Former dockyard worker loses appeal for deafness claim after failing to consult his GP
Joseph Johnson, a former dockyard worker, has had his claim for noise induced deafness dismissed on the basis that he is out of time to claim.
Mr Johnson worked at Chatham Dockyard in the 1960s and 70s. During this time he was exposed to very loud noise from use of percussive tools. He brought claims against two of his former employers alleging that they had negligently exposed him to noise which caused his deafness. He claimed that he was not aware that his deafness was related to the noise which he was exposed to until he consulted a specialist in 2009. Throughout the course of his case however he accepted that he had ‘actual knowledge’ that he was suffering from deafness at the age 61 in 2001.
His case was initially dismissed on the grounds that limitation ran from 2001 by Judge Scarratt at Medway County Court. It was then heard on appeal by Lady Justice Smith, Lord Justice Etherton and Lady Justice Hallett. Lady Justice Smith held that although his condition developed over a period time and it was reasonable to say that he would not have attributed it to his noisy employment when he had been away from the docks for around 20 years he ought to have consulted his GP earlier and would have been advised in around 2001 - 2002 that it was noise induced deafness. She concluded that ‘a reasonable man in the 21st Century would be curious about the onset of deafness at the relatively early age of 61 and would wish to find out what was causing it…in my view a reasonable man would simply want an explanation for his condition and possibly also to discover whether there was any medical treatment which would improve his position.’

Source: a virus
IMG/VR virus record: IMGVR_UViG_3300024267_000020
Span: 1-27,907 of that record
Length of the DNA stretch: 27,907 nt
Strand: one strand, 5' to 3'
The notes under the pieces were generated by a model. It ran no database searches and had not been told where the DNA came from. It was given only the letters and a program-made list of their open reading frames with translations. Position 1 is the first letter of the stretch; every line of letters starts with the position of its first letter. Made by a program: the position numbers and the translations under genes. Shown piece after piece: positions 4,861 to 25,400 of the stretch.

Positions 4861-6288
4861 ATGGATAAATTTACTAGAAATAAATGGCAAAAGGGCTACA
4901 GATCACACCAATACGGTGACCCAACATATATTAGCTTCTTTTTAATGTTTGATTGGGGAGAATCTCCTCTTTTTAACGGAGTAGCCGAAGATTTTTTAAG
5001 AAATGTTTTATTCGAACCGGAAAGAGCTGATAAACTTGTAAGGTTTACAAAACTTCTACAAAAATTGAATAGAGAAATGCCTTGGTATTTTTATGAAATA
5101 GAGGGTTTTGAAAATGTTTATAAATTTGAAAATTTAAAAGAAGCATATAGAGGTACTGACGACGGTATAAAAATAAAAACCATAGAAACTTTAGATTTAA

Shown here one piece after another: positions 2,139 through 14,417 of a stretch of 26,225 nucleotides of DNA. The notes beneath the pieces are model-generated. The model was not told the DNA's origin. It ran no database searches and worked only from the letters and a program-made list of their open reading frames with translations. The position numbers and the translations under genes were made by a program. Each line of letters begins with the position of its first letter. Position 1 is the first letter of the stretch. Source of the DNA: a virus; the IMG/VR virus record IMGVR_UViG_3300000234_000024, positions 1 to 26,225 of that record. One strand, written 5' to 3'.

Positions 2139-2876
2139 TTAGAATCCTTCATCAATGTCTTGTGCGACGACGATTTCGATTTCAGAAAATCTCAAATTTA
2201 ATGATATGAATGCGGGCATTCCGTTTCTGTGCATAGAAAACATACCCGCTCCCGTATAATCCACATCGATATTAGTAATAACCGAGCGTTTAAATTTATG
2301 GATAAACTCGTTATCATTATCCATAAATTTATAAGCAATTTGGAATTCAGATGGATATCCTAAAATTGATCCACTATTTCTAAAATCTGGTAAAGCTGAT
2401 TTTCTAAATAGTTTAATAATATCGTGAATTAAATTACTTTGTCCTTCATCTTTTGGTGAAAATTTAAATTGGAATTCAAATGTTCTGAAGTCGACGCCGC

She ultimately ruled that Mr Johnson should have consulted his GP by or about the end of 2002 and by about the end of the year should be deemed to have had knowledge that his deafness may be as a result of his exposure to noise.
This case was decided in England under s33 of the Limitation Act 1980 however it would be considered by courts in Scotland if a similar case were to be brought under the Prescription and Limitation (Scotland) Act 1973. This states at s17 an action for personal injuries must be brought with three years of the date on which the pursuer in the action became, or on which, in the opinion of the court, it would have been reasonably practicable for him in all the circumstances to become, aware of all the following facts (i)that the injuries in question were sufficiently serious to justify his bringing an action of damages on the assumption that the person against whom the action was brought did not dispute liability and was able to satisfy a decree; (ii)that the injuries were attributable in whole or in part to an act or omission; and (iii)that the defender was a person to whose act or omission the injuries were attributable in whole or in part or the employer or principal of such a person.
This case serves as a reminder that all cases must be reported and investigated as soon as symptoms begin to ensure that cases which would otherwise be successful do not fail on the basis that they are brought out of time.